However, before I dove head-first into poetry blogging again, I decided to go over a list of the pros and cons. Why do I want to do this? Why don’t I? And which one is more prominent in my mind, not just at the moment, but in the general span of my life? As I wrote the list down, the words flowed with more fervor than I have had the pleasure to feel in a long time. Slowly, that motivation crept back into my mind, clenching jaws on what I wanted and didn’t want.

All the same, I had the list to consider before I did any real planning or unplanning.


  1. I love poetry more than anything in the world. It is the one thing I have always known how to do. The only thing I have turned to consistently, no matter the situation. If there is any constant in my life, I am both sad and happy to say that it is scarce more than the written word.
  2. What’s more, I’m good at it. That is not to seem arrogant. It is just the truth. I have no fondness for people with an ego, but everyone has a talent. Some people have useful talents such as math, calculation, common sense, or singing. Alas, I have the talent of the written word. Perhaps not a useless talent, but it is a hard field to break into, all truth be told. I have never heard of a rich poet save for Shakespeare. The era of prose and poetry is long past.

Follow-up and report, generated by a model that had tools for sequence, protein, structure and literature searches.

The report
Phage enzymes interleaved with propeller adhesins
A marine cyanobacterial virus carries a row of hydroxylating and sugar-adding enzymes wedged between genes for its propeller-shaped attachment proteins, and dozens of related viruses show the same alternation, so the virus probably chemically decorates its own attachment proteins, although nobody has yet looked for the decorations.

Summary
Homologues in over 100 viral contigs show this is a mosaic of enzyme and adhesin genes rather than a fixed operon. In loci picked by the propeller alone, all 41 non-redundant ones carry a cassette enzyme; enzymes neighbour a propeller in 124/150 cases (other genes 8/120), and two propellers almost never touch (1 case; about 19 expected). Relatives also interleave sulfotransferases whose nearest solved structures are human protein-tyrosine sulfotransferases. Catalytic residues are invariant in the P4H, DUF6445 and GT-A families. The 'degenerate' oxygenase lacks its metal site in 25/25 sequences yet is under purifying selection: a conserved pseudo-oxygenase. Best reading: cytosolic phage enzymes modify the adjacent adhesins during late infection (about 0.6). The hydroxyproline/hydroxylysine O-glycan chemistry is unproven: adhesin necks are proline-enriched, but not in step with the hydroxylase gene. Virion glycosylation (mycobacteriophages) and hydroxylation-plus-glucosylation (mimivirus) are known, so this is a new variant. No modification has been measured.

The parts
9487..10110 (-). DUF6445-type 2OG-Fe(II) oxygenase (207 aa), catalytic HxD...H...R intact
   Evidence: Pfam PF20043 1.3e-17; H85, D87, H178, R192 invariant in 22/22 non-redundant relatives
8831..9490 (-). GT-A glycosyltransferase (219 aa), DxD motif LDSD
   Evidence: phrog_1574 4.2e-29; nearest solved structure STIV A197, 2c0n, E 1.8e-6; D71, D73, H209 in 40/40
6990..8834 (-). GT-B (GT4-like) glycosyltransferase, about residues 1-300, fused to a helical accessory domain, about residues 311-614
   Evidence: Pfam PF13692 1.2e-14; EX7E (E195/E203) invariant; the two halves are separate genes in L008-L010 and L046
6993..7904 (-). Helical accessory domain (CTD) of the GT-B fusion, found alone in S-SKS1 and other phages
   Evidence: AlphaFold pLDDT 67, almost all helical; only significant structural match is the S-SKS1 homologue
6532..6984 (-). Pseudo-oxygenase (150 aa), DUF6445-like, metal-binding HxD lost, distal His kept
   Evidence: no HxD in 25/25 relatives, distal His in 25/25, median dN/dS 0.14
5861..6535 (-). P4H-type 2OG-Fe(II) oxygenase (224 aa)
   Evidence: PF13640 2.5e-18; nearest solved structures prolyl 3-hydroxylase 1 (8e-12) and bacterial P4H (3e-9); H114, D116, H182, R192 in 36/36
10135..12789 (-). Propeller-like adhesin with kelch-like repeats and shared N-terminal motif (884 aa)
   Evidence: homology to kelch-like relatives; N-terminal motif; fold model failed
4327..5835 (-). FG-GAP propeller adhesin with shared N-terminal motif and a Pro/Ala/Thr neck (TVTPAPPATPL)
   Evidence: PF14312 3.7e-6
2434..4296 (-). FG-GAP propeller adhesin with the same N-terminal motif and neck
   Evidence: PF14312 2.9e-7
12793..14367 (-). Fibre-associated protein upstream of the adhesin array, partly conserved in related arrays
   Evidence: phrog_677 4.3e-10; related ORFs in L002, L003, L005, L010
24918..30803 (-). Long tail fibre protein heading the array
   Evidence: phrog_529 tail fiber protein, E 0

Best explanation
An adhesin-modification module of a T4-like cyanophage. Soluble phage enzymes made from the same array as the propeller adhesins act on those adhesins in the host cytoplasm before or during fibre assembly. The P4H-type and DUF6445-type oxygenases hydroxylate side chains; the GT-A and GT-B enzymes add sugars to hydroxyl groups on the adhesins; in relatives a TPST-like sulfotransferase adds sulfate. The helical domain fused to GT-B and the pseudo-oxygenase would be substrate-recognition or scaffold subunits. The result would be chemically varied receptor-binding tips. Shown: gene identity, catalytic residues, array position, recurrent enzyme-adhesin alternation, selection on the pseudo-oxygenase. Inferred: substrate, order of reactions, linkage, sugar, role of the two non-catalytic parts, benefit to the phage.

3. I will never lack for content. Anything can be turned into a poem. Something as seemingly insignificant as grass can be reappraised as the most important thing in the world, for however short a time. In fact, one of my favorite poems is Grass, by Carl Sandburg (you can click this link if you would like to read it: http://www.poemhunter.com/poem/grass/).
  4.  This would be a wonderful chance to meet and greet fellow poets. When I was younger, all of my friends were poets, but as the years passed, everyone slowly stopped writing. There was always something else more important, always something else to do. And when my friends stopped writing, I stopped feeling welcome to show them what I had written.